3 Free eBooks - December 2012

The Internet has a growing number of online books….and many of them are free. This is the third monthly post highlighting 3 that I have found within the past month.

The Smithsonian American Art Museum and the Renwick Gallery have a number of online exhibitions available. The first one I looked at was Lino Tagliapietra in Retrospect: A Modern Renaissance in Italian Glass - but I am now working my way through others that look interesting.

Miltoun, Francis. Italian highways and byways from a motor car. Boston: L.C. Page; 1909. Available at http://archive.org/details/italianhighwaysb00milt this book includes color and black/white illustrations that capture the essence of a road trip through Italy in the early 1900s.

 Paul May at the Bristol Chemistry Department Home Page has been posting a Molecule of the Month since 1996. Reading the postings for 2012 (or an earlier year) is a short book. Learn about the molecule that gives raspberries their smell and botulinum toxin (anti-wrinkle/neurotoxin).

The previous eBook posts can be found here.

3 Free eBooks - October 2012

The Internet is chock full of good reads…and many of them are free. I’m going to start a monthly post highlighting three book length items. In some ways the post is similar to the weekly ‘Gleanings’ in that the items are found as part of my normal continuous learning habits; the items are different because they are longer, have more depth, and sometimes were published as books previously (sometimes long enough ago that they must be read with their vintage in mind). 

  • Hibberd, Shirley; Hulme, F. Edward. Familiar Garden Flowers. London: Cassell; 1879. Available from: http://archive.org/details/cu31924051745945 - Note the date. Just as in the Egyptian Birds book, the color prints are the draw for this book. How many of the flowers do you recognize? It is surprising how many are still ‘familiar’ to us. I found that I spent more time on the ones I didn’t recognize - trying to figure out why they had fallen out of popularity (or maybe just never became ‘familiar’ in North America). Looking the puzzling ones in Wikipedia sometimes provides an explanation.
  • Irwig L, Irwig J, Trevena L, et al. Smart Health Choices: Making Sense of Health Advice. London: Hammersmith Press; 2008. Available from: http://www.ncbi.nlm.nih.gov/books/NBK63638/ - This book provides a strategy to enable meaningful conversations with your healthcare providers. Chapter 5 is the keystone of the book (entitled Smart Health Choice Essentials). The “Useful sources of health advice” section right before the glossary points to databases and websites that provide current information about treatments as well.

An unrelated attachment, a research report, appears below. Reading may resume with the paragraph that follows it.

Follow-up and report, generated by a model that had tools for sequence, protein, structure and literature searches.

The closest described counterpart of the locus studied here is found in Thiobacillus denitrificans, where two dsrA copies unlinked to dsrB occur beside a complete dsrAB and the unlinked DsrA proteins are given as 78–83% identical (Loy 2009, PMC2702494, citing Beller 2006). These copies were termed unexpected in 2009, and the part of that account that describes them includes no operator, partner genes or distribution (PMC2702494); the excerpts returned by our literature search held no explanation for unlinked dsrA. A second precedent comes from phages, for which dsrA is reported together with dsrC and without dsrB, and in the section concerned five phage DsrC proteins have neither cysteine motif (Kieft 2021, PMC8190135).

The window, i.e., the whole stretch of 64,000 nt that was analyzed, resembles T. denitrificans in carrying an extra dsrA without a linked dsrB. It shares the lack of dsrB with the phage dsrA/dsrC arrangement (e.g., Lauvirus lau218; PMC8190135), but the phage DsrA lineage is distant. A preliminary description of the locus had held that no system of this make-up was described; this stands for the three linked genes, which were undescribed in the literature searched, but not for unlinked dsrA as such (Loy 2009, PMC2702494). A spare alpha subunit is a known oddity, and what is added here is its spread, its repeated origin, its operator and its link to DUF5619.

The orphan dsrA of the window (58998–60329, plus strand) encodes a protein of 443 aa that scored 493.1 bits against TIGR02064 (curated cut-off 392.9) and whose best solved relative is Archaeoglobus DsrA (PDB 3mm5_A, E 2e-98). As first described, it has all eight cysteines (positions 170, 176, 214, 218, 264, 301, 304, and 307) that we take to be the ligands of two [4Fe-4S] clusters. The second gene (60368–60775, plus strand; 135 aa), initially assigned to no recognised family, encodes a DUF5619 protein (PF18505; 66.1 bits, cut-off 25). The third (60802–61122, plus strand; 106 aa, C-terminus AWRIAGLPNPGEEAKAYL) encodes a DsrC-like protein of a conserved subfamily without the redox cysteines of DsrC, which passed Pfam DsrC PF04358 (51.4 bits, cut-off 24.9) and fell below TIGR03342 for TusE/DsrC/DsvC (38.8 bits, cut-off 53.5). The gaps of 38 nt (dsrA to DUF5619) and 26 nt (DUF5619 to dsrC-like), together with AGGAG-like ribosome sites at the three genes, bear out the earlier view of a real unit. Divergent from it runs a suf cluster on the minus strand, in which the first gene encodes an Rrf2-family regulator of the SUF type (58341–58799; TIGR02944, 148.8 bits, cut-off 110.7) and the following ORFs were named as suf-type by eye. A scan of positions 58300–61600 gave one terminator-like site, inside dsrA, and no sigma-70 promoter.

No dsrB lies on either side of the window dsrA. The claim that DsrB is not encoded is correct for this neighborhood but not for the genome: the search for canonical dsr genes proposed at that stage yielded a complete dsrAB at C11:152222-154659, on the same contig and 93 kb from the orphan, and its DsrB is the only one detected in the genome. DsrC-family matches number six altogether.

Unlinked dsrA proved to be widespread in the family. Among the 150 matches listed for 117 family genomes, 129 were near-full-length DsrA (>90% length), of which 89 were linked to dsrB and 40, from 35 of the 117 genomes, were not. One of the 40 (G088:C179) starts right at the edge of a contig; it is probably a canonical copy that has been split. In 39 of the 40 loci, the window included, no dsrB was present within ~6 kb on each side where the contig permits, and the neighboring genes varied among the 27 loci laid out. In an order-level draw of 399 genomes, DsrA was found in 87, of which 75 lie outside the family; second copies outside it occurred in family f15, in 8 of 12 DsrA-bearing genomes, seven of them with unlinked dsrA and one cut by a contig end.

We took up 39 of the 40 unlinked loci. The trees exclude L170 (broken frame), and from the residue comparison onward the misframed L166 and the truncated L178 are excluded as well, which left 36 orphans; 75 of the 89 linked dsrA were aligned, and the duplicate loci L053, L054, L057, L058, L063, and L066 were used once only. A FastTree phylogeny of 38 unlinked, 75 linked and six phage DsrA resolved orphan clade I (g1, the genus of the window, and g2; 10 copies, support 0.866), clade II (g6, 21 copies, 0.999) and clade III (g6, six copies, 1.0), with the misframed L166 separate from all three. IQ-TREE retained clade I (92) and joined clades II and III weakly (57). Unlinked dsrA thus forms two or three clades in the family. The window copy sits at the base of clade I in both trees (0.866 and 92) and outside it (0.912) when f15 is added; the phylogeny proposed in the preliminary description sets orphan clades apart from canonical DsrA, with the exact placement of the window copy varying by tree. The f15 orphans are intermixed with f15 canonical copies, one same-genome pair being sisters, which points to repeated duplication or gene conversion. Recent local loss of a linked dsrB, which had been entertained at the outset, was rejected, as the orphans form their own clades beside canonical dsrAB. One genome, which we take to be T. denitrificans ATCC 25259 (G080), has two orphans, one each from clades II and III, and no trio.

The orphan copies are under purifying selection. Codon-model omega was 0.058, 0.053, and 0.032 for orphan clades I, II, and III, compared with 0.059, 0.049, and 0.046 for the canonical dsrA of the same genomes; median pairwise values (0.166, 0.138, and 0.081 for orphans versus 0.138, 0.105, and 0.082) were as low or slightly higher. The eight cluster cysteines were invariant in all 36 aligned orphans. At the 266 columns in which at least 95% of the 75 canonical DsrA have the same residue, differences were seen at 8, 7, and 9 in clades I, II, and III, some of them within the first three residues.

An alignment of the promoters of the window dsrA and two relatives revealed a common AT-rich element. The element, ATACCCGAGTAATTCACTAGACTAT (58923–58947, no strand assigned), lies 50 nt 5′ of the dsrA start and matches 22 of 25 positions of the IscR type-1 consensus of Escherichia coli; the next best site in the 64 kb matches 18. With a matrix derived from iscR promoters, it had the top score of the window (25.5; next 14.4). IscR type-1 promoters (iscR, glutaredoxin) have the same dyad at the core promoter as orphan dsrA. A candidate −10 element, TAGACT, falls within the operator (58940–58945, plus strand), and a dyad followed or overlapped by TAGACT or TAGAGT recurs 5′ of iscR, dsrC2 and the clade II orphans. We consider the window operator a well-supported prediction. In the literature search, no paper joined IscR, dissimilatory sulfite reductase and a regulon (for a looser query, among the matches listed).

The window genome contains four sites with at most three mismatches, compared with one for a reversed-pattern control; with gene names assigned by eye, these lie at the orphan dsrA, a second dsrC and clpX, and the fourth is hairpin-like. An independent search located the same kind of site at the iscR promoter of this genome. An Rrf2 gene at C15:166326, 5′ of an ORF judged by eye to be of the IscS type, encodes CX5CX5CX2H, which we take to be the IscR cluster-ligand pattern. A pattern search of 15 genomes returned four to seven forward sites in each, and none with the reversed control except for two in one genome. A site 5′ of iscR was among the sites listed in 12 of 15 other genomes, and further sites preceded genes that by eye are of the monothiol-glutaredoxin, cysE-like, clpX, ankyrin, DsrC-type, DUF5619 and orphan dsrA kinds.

• Whimper, Charles. Egyptian birds for the most part seen in the Nile Valley. London: A. and C. Black; 1909. Available from: http://archive.org/details/egyptianbirdsfor00whym - Note the date - well before a lot of excavation and the dam at Aswan. The colored pictures are what make this book worth the look. They are well labeled on the opposite page and include the surroundings. I particularly liked when the author included the hieroglyph or the bird as depicted in ancient Egyptian art. 


Gleanings of the Week Ending July 14, 2012

The items below were ‘the cream’ of the articles I read this past week. Click on the light green text to look at the article:

Way out in a barren Chilean desert, the biggest telescope ever made is taking shape - Photos from the construction of the Atacama Large Millimeter Array

High-Tech Tools Give Researchers New View Of Yellowstone Thermal Features - Thermal maps of popular areas within the park

Electricity Storage - Wow - there are a lot of new ways out there and the idea of ‘storage’ of electricity implies a more robust infrastructure for reliable power than we have now

12 stats that matter to digital publishing - the number of people reading electronically rather than from paper is growing….and what/how they read is changing too

Heron Cam 2012 Highlights - All 5 have fledged from the Sapsucker Woods nest!

Scientific History and the Lessons for Today's Emerging Ideas -  A look back at what was happening in the 1890-1910 time period…lots of theories…some are threads to current theories, others are on the trash heap

Bridges for Animals - All around the world…this is an idea being tried to reduce road kill on highways

The 10 most pristine places on earth - none are in the US

Yama no sachi - A Japanese book from 1765. Read it on the Internet Archive. Use page down (or up) to browse through the book. It has illustrations of flowers, insects, and animals. My favorites are the peony (at right) and the poppy.